Minimal guide on Reverse proxy Using different reverse proxies – Caddy, nginx-proxy & Traefik

##EDIT: Added HAProxy!

# Introduction

**[Github repo for the examples below](https://github.com/azrikahar/docker-reverse-proxies)**

I personally love to use anologies or have a side by side comparison among different tools that tackle the same thing, so I came up with this little guide to get the ball rolling for everyone. **Each reverse proxy example resolves the exact same domain, subdomain and even subpath.** New users can easily dive into reverse proxy with the simple Caddy wheareas users that are more familiar with Nginx can opt for nginx-proxy instead. Users that are looking to move from Caddy or nginx-proxy to Traefik can also have a decent one-to-one mapping so they can understand what are the terms/components used in Traefik that means the same for Caddy or Nginx.

Often times Traefik will be the go-to recommendation whenever a question about reverse proxy is raised in this sub and it is no doubt a very feature-rich reverse proxy compared to others, but I do personally think there is nothing wrong in going with a simpler one like Caddy for smaller setups. I believe it can be a great starting point to wrap their head around reverse proxies. Once they are comfortable with it, they can then move on to Traefik to fit their more robust needs with hopefully a lesser learning curve.

I do implore new users to do some googling & research to find out the benefits of reverse proxies. I had to choose not to cover it for simplicity sake (though I'm already 3 paragraphs in now...).

# Disclaimer

**This MINIMAL guide will not be covering HTTPS or TLS certs.** Since we will need to add few more configurations to each reverse proxy example to enable HTTPS, I intend to make a separate guide for it.

Do understand that these examples are the bare minimum to setup a working reverse proxy and that each reverse proxy have far greater capabilities not highlighted such as load balancing. **This comparison between reverse proxies are for educational & clearer understanding purpose. There is no intent to spark arguments of which reverse proxy is superior. In the end, each of them fit various scale of projects and different use cases.**

# Things to know before going through the 4 setups

- **Why not put the reverse proxy & services in the same compose file?** I initially did this, but I have chosen to separate the reverse proxy into a dedicated docker-compose.yml file so it is easier for you when you wish to add another project/repo but want to use the same reverse proxy. Just think of the `project` folder in each of the example as a unique repo with one or more services with a dedicated docker-compose.yml file, which means you can have multiple projects. `project` is just a placeholder name.
- **What does the `docker ps -a --format "table {{.ID}}\t{{.Names}}" | (read -r; printf "%s\n" "$REPLY"; sort -k 2)` command do?** This basically just to modify the output of `docker ps -a` using `--format` to show only IDs and Names. Then we use the latter half of the command to sort the second column (-k 2) to see things clearer.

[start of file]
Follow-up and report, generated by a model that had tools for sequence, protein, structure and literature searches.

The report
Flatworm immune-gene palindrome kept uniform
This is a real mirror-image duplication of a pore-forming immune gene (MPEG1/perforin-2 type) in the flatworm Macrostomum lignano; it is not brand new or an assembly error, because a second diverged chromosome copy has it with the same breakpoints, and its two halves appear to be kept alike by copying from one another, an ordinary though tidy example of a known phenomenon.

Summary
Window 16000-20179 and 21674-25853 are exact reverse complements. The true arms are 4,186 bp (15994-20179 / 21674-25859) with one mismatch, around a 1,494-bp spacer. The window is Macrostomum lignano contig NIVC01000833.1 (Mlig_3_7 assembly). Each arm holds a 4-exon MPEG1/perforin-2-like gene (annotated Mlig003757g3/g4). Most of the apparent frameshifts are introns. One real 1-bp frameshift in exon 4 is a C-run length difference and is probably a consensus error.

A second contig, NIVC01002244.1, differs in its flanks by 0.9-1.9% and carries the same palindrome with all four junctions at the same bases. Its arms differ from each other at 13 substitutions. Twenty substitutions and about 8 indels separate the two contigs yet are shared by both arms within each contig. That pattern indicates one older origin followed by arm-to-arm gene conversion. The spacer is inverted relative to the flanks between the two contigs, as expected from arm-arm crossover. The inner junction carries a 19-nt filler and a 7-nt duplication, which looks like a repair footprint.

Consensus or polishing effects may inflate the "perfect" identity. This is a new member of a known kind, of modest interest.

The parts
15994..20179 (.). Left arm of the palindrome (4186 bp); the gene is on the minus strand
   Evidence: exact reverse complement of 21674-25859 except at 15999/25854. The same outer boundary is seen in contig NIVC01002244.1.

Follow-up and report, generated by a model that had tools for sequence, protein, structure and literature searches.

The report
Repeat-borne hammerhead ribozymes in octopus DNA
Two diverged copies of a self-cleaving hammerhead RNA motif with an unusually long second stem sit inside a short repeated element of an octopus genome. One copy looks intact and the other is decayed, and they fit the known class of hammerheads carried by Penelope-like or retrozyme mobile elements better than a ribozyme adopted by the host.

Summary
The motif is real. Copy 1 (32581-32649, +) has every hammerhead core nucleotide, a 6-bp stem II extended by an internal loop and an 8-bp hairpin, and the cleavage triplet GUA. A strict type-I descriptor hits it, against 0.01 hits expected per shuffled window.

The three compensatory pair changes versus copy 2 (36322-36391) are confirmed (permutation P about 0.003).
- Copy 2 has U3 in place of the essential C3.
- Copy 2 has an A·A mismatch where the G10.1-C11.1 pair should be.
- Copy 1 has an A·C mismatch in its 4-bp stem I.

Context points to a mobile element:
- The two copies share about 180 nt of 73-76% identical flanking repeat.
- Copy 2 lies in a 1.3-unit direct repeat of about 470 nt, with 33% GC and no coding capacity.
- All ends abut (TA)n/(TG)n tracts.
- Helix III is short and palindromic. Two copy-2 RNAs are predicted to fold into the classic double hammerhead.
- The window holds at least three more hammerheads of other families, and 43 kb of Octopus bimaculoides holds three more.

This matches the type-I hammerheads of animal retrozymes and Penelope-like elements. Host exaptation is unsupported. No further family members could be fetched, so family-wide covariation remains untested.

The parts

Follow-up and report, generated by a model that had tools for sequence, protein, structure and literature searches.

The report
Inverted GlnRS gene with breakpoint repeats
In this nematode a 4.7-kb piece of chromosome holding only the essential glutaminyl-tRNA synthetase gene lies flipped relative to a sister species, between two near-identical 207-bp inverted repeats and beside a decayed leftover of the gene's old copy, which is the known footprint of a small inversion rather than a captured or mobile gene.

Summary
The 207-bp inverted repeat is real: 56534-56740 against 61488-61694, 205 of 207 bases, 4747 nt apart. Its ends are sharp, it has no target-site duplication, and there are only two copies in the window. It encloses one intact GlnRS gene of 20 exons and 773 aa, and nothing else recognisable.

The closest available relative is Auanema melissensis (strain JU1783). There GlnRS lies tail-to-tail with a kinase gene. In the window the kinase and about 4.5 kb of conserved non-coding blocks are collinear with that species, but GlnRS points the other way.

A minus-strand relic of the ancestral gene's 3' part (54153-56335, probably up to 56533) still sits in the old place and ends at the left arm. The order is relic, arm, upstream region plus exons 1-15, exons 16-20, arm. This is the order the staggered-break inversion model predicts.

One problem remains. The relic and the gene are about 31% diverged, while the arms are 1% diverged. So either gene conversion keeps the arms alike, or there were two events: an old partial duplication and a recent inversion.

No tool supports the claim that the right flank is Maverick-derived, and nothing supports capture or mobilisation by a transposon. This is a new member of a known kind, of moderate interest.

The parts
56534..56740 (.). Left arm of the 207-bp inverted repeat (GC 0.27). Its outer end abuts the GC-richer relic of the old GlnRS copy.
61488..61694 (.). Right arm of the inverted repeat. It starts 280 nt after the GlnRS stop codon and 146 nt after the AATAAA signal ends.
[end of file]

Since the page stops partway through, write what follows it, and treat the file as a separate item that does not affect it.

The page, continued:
- **What does the `networks` -> `default` -> `name: [custom-name]-net` in each REVERSE PROXY's compose file do?** When you run `docker-compose up -d`, docker compose will create a default network to you. The name will be the project name appended with `_default`. The project name of a docker-compose file will be the directory name by default. For example, if we run `docker-compose up -d` in the directory named `testdir`, your default network name will be `testdir_default`. You can verify this in your existing setups using `docker network ls` and look for it. **Note: This custom name option is only available for compose "3.5", which is docker-compose [version 1.18.0](https://docs.docker.com/compose/compose-file/compose-versioning/#version-35) and above.**
- **what does the `networks` -> `[custom-name]-net` -> `external: true` in each PROJECT's compose file do?** Since our reverse proxy already has an existing network that it lives in, we are using this few lines to tell your docker compose that there is an existing network called `[custom-name]-net` outside of this project or compose file, so there is not need for your compose file to re-create it. Then we add the `networks` option in each services and tell them to join the external network we defined earlier. The reason why we need to ensure your services/containers are in the same docker network with the reverse proxy is because containers must be in the same network to be able to see each other. _Note: If you did put your reverse proxy and services in the single same compose file, you can skip these networks setup._
- **Why do you use `curl -H "Host: example.com" 127.0.0.1` in the results?** Since the domains used in the example is just a fake/local one, we need to specify to look for our fake domain in localhost (127.0.0.1) instead of via public dns. If you do own an actual domain, you can just run `curl example.com` instead. If you wish to make every devices in your home network recognize the fake/local domain name, you need to use a local dns server and configure your router to use the dns server instead of a public one.
- The `jwilder/whoami` image is used to showcase that the routes work as intended since it shows the container ID to us. There is `containous/whoami`, but I like jwilder's one for simpler output.
- Once again the reason why the folders are named `-basic` like `caddy-basic` is because I intend to release a HTTPS version with folder name `caddy-secure` and so on.

---

# Caddy | [Docker Hub](https://hub.docker.com/_/caddy) | [Official Docs](https://caddyserver.com/docs/)

## Caddy - Overview

**Directory structure:**